Thokozani Mag­waza in­sists he tried to en­list the court over­sight in the grants saga, but was re­peat­edly thwarted

CityPress - - News - SE­TUMO STONE se­tumo.stone@city­

On sev­eral oc­ca­sions, So­cial De­vel­op­ment Min­is­ter Batha­bile Dlamini blocked des­per­ate ef­forts by the chief ex­ec­u­tive of­fi­cer (CEO) of the SA So­cial Se­cu­rity Agency (Sassa) to re­port back to the Con­sti­tu­tional Court about the pay­ment of so­cial grants and di­rectly in­ter­fered with at­tempts to find a so­lu­tion to the cri­sis.

This is ac­cord­ing to Sassa CEO Thokozani Mag­waza, who this week broke his si­lence on the grants cri­sis.

He listed a num­ber of oc­ca­sions – dat­ing as far back as early Fe­bru­ary – when his of­fice was ready to pe­ti­tion the high­est court in the land for guid­ance, only to be abruptly halted by last-minute in­struc­tions from Dlamini.

He was speak­ing just days be­fore to­mor­row’s dead­line for Sassa to ex­plain to the Con­sti­tu­tional Court why it had han­dled the so­cial grants in the man­ner it did and why it had failed to com­mu­ni­cate with the court.

With the five-year con­tract awarded to Cash Pay­mas­ter Ser­vices (CPS) to dis­burse wel­fare grants to more than 17 mil­lion South Africans ex­pir­ing on March 31, cit­i­zens re­main in the dark about how the grants will be dis­trib­uted from April, and the costs in­volved in do­ing so.

Mag­waza, who has been on sick leave for more than a week amid spec­u­la­tion that he may be sus­pended, told City Press that:

Dlamini got in the way of pa­pers be­ing filed in the Con­sti­tu­tional Court three times;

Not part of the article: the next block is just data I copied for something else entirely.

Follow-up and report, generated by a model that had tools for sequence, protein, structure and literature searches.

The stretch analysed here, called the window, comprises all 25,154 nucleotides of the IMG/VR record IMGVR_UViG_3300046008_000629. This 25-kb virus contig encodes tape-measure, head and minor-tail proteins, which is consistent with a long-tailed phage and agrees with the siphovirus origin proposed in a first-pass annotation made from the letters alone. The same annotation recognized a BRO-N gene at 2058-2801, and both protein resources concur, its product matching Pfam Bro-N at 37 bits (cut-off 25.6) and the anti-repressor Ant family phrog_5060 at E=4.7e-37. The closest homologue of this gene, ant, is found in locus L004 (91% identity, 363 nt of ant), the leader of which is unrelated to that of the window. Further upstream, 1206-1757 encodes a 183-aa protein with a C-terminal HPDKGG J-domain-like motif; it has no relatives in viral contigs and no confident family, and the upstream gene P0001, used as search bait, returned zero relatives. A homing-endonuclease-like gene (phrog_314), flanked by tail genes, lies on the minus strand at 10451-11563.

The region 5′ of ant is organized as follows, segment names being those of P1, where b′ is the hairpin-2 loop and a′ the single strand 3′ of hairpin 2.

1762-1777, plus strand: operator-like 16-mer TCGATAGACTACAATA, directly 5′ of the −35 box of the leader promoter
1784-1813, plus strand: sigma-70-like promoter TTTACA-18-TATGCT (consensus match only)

The re­search re­port, sub­mit­ted in Oc­to­ber, which de­tailed Sassa’s in­abil­ity to take over grant pay­ments from CPS in April, was ini­tially with­held from him when he took of­fice in Novem­ber;

Dlamini’s aides told Sassa staff to take in­struc­tions from her at­tor­ney;

Dlamini tor­pe­doed plans to in­volve the SA Post Of­fice in the dis­tri­bu­tion of grants; and

He was be­ing vic­timised for rec­om­mend­ing a 12month tem­po­rary con­tract be se­cured with CPS, in­stead of the 24 to 36 months pre­ferred by oth­ers.


Mag­waza spoke as the Con­sti­tu­tional Court gave strong hints in the di­rec­tives it is­sued to Sassa on Wed­nes­day that those re­spon­si­ble for the mess would, in the ab­sence of cred­i­ble ex­pla­na­tions, be held in con­tempt of court.

Sources close to Dlamini told City Press that ques­tions posed by the court this week – in­clud­ing whether Sassa and the min­is­ter had “any ob­jec­tion to in­de­pen­dent mon­i­tor­ing of any agree­ment” – would be an­swered in a way that demon­strated “com­mit­ment to trans­parency”.

Tim Sukazi, Dlamini’s at­tor­ney, was work­ing around the clock this week to draft a con­tract that would be ac­cept­able to all par­ties, in­clud­ing the Trea­sury.

He said the in­for­ma­tion re­quested by the court would be an­swered can­didly “to clear up a lot of things”.

As part of Wed­nes­day’s di­rec­tive, the court has asked when it was de­ter­mined that Sassa would not be able to take over the grant pay­ments from CPS, and why it was not “im­me­di­ately” in­formed of this fact.

Sukazi said the cen­tral aim in fi­nal­is­ing the new deal with CPS would be to “min­imise the il­le­gal­ity” in the con­tract. This meant lim­it­ing the “time and scope” of the work that CPS would be ex­pected to do.